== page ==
The country-western-themed Bulls Bar and Grill, famous in downtown Sacramento for its mechanical bull ride, has closed.
Owner Andrea Martin, who opened the restaurant in 2010, confirmed in a phone call Tuesday that the restaurant at 1330 H St., near the Wells Fargo Pavilion, has been sold to a new owner. She declined to share details of the agreement.
“Someone came in and offered to buy the location and the business, and my lease was going up,” she said. “Everything fell into place.”
Martin regrets not being able to give her customers more specifics about the closure, due to uncertainties about when certain business licenses would be transferred to the new owner. The new owner’s name was not available.
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The restaurant’s closure comes as a disappointing surprise to some Bulls patrons, like Sacramento resident Sally Argys.
“We got down there Thursday and it was closed,” said Argys, 89, who would frequent Bulls with friends before catching matinee shows by California Musical Theatre one block away.
Just three weeks ago, Argys said, she was eating lunch there with friends before catching the theater’s summer series, Music Circus. “It’s been convenient for us, because it’s close to Music Circus It’s too hard for us to park the car, eat lunch and then repark the car.”
Martin is unsure of how much of Bulls’ ambiance, staffing and menu – if any – the new owner will retain. Martin had 12 employees.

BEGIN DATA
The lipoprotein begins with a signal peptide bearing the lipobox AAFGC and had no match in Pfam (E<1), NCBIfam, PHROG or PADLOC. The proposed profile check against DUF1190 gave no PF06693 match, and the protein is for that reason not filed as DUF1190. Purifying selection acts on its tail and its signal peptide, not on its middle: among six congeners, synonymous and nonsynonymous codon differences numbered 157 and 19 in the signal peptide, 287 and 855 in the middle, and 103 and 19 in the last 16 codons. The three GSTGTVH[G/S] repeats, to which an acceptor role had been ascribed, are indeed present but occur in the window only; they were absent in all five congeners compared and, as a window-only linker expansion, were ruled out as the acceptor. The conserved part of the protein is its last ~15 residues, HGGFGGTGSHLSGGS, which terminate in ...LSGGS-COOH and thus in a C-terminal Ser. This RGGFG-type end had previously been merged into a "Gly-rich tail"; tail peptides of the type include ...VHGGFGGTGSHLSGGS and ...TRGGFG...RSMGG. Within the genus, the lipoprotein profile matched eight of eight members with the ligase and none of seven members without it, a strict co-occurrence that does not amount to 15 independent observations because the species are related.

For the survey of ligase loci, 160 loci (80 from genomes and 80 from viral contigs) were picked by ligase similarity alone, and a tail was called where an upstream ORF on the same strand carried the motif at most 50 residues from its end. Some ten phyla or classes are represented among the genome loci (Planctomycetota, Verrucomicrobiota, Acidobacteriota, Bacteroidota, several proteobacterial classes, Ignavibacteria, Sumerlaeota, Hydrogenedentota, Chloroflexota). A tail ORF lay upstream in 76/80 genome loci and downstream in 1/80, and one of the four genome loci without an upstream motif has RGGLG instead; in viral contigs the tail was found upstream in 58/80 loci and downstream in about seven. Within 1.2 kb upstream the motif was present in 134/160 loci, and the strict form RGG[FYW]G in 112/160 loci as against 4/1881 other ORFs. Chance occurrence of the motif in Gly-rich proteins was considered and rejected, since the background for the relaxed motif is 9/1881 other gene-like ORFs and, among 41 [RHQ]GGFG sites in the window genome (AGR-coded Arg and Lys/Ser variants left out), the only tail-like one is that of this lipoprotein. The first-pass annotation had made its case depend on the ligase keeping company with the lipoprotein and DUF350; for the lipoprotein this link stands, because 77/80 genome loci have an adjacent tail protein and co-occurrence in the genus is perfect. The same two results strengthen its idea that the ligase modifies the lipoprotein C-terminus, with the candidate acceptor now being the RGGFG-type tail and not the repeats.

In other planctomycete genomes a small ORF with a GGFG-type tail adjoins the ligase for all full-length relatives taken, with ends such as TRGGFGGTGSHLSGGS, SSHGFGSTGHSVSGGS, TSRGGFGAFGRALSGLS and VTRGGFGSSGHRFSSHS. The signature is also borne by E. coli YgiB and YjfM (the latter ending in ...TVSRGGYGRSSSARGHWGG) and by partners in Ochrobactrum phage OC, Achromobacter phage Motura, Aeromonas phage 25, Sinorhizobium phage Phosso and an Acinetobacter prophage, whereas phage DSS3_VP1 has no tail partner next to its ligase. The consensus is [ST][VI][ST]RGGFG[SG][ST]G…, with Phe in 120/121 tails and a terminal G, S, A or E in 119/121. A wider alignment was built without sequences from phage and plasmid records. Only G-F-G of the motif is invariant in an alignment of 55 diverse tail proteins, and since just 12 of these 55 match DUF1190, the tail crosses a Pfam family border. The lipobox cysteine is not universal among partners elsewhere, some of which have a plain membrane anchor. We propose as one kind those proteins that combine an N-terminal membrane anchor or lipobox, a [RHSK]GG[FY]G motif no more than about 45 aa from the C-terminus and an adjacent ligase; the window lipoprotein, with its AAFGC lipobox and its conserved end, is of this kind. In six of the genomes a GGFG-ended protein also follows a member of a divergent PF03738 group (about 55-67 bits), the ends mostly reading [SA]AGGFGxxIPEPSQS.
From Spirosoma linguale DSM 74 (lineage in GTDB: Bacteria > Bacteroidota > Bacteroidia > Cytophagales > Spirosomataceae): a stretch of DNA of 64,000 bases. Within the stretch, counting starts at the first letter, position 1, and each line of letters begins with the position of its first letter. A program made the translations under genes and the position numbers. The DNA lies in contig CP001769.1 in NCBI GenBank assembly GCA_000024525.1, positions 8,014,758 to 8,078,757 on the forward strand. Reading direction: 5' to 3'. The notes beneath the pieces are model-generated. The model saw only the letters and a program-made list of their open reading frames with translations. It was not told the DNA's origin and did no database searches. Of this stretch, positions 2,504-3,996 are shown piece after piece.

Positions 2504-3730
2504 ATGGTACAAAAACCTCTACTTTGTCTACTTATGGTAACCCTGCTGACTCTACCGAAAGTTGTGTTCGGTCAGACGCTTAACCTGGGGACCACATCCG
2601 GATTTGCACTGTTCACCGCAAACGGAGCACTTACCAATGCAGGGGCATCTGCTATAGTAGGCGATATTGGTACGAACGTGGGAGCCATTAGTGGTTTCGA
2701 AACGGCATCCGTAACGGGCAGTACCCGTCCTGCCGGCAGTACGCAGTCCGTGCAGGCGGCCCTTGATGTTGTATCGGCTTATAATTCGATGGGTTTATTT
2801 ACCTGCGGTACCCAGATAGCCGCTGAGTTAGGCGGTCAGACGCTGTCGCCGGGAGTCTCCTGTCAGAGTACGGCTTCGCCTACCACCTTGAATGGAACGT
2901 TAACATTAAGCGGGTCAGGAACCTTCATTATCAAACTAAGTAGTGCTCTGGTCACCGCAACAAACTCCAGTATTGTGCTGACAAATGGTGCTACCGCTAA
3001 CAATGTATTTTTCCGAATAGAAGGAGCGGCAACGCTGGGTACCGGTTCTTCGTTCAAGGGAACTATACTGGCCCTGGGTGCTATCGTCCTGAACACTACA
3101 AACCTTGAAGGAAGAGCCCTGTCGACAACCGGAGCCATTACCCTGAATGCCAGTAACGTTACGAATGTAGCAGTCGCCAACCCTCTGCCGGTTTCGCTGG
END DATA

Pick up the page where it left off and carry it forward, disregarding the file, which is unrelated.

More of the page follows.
Bulls has been closed for more than two weeks, according to employees of neighboring businesses. Though no closure sign hangs outside the entrance, the bar shelves are emptied and the restaurant’s wooden chairs and tables are sitting crowded together. And the bull? Martin said it was sold several weeks ago to an unnamed buyer.
Martin also owns Sauce’d Cocktail House and the El Dorado Saloon, both in El Dorado Hills, as well as the Office Lounge in Arden-Arcade. None of those venues are closing, she said.
About four years ago, Martin leased the H St. space that once housed the Midtown Athletic Club racquetball courts, with the vision of bringing to Sacramento a mechanical bull, part of a nightclub scene she’d seen in Los Angeles. Following Bulls’ 2010 opening, the mechanical animal, which occupied a corner “corral,” was a hit among patrons. Bulls also offered bar-style competitions, including bikini bull-riding, beer chugging and arm wrestling.
It’s not the only eatery closing in the vicinity. A nearby Starbucks at the corner of 14th and H streets, a block east of Bulls, also closed recently. The coffee company chose not to renew its lease, said Maurice Chaney, a spokesman for the economic development department of the City of Sacramento, which owns the building and parking garage. The two eateries that remain on the block are Oshima Sushi Tap House, which replaced Brew It Up, and The Melting Pot.
Argys said, “It’s strange that every time you want to eat at a restaurant, you have to call and see if they’re open.”